Amidst simmering tensions between India and Pakistan over the current unrest in the disputed territory of Kashmir, India has asked its diplomats to withdraw their children from schools in Islamabad in a move described by an Indian official as a ‘downgrade’ of the diplomatic mission.
Islamabad, however, dismissed the move as an “informal, internal, administrative” arrangement of the Indian government. “With effect from this academic session, officials posted in the High Commission of India in Islamabad have been advised to make arrangements for education of their wards outside Pakistan, till further notice,” a spokesperson for India’s external affairs ministry said in a statement.
“It is a normal practice for all countries to review staffing and related policies for their diplomatic missions, including in view of prevailing circumstances at those stations,” the ministry spokesperson, Vikas Swarup, added.
There are about 50 children of Indian diplomats and other officials currently studying in Islamabad’s American School. In Islamabad, Foreign Office spokesperson Nafees Zakaria confirmed the decision had been ‘informally’ conveyed to Pakistan around one and a half month back.
“They conveyed informally that their government has taken this decision as an internal, administrative and informal arrangement,” Zakaria told The Express Tribune. He refused further comments on the matter.
It is unclear why New Delhi has taken this decision, though an Indian official told The Indian Express newspaper that it “amounts to a downgrade of Pakistan as a non-school-going station”.
And Indian officials did not rule out a ‘tit-for-tat’ response by Islamabad in the form of recall of children of Pakistani diplomats from India, according to the Times of India newspaper.
Some media reports indicated the move was linked to the simmering tensions between the two nuclear armed neighbours in the wake of current unrest in the disputed Kashmir region.
The two countries have been engaged in an escalating verbal duel since violence broke out in Kashmir following the killing of a popular separatist leader Burhan Wani. Indian security forces used brute force to quell widespread protests triggered by Wani’s killing by police on July 8.
And since then, 50-plus Kashmir civilians have been killed and thousands others injured. Unabated Indian atrocities angered Pakistan as the government officially announced a ‘black day’ on July 20. Rallies were staged across the country to express solidarity with the Kashmiri people.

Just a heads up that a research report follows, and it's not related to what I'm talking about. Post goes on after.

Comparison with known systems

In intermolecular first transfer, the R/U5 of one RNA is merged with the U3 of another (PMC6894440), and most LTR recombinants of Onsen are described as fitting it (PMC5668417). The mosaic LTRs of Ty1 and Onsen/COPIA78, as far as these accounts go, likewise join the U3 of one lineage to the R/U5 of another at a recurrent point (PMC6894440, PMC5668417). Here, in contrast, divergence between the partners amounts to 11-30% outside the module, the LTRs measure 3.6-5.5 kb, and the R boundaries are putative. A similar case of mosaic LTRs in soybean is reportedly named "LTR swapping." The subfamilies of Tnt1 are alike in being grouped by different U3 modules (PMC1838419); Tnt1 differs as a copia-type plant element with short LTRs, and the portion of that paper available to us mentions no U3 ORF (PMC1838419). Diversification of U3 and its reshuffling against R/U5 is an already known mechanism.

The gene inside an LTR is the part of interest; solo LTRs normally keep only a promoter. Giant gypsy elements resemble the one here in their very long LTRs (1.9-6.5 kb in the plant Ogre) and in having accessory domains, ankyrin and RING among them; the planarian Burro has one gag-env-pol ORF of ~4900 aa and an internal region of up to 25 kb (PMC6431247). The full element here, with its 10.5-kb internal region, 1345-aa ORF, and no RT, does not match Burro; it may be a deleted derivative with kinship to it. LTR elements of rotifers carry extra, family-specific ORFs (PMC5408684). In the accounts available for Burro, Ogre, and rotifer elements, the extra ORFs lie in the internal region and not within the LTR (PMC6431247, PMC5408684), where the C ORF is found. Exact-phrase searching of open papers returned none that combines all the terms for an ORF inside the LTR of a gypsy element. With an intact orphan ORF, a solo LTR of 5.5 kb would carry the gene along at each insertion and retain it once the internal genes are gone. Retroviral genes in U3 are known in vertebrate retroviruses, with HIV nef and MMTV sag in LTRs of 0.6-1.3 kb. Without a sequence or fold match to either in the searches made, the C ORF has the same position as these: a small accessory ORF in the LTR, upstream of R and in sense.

A day earlier, Kashmir’s Accession to Pakistan Day was also observed in the country. In view of growing public anger, the Indian government had appealed to Pakistan to strengthen security for Indian officials stationed there.
“In view of the threats of marches and protests at the High Commission of India in Islamabad, we ask the government of Pakistan to ensure full safety and security of the High Commission, all its officials and their families in Pakistan,” it had said in a statement after the ‘black day’.
India has dismissed Pakistan’s protest and instead accused Islamabad of fuelling violence in the disputed Himalayan region. External Affairs Minister Sushma Sawraj on Saturday called Kashmir an ‘integral part of India’ and said that “Pakistan’s dream of Kashmir becoming its part will never turn into a reality.”
A day later, Premier Nawaz Sharif’s top foreign policy aide Sartaj Aziz rebuked Sushma and reminded her that Kashmir was an internationally recognised dispute, and that it was the Kashmiris’ right to decide the future of the state.
The ongoing insurrection in Kashmir has further dimmed hopes for the revival of a bilateral peace process which has been dormant since a terrorist attack on an Indian airbase in Pathankot, near the border with Pakistan, on January 2, 2016.
New Delhi had blamed the Pakistan-based Jaish-e-Muhammad militant group for the attack and linked revival of talks with action against perpetrators.
Defence Minister Khawaja Asif said on Monday that dialogue between India and Pakistan was not possible due to India’s hostile behavior towards Kashmir and Pakistan.“Dialogue between India and Pakistan is not possible in the present circumstances,” he said during the Senate’s Defence Committee session. “India’s hostile behavior towards Kashmir and Pakistan is an obstacle in carrying out smooth process of dialogue between the neighbourly countries.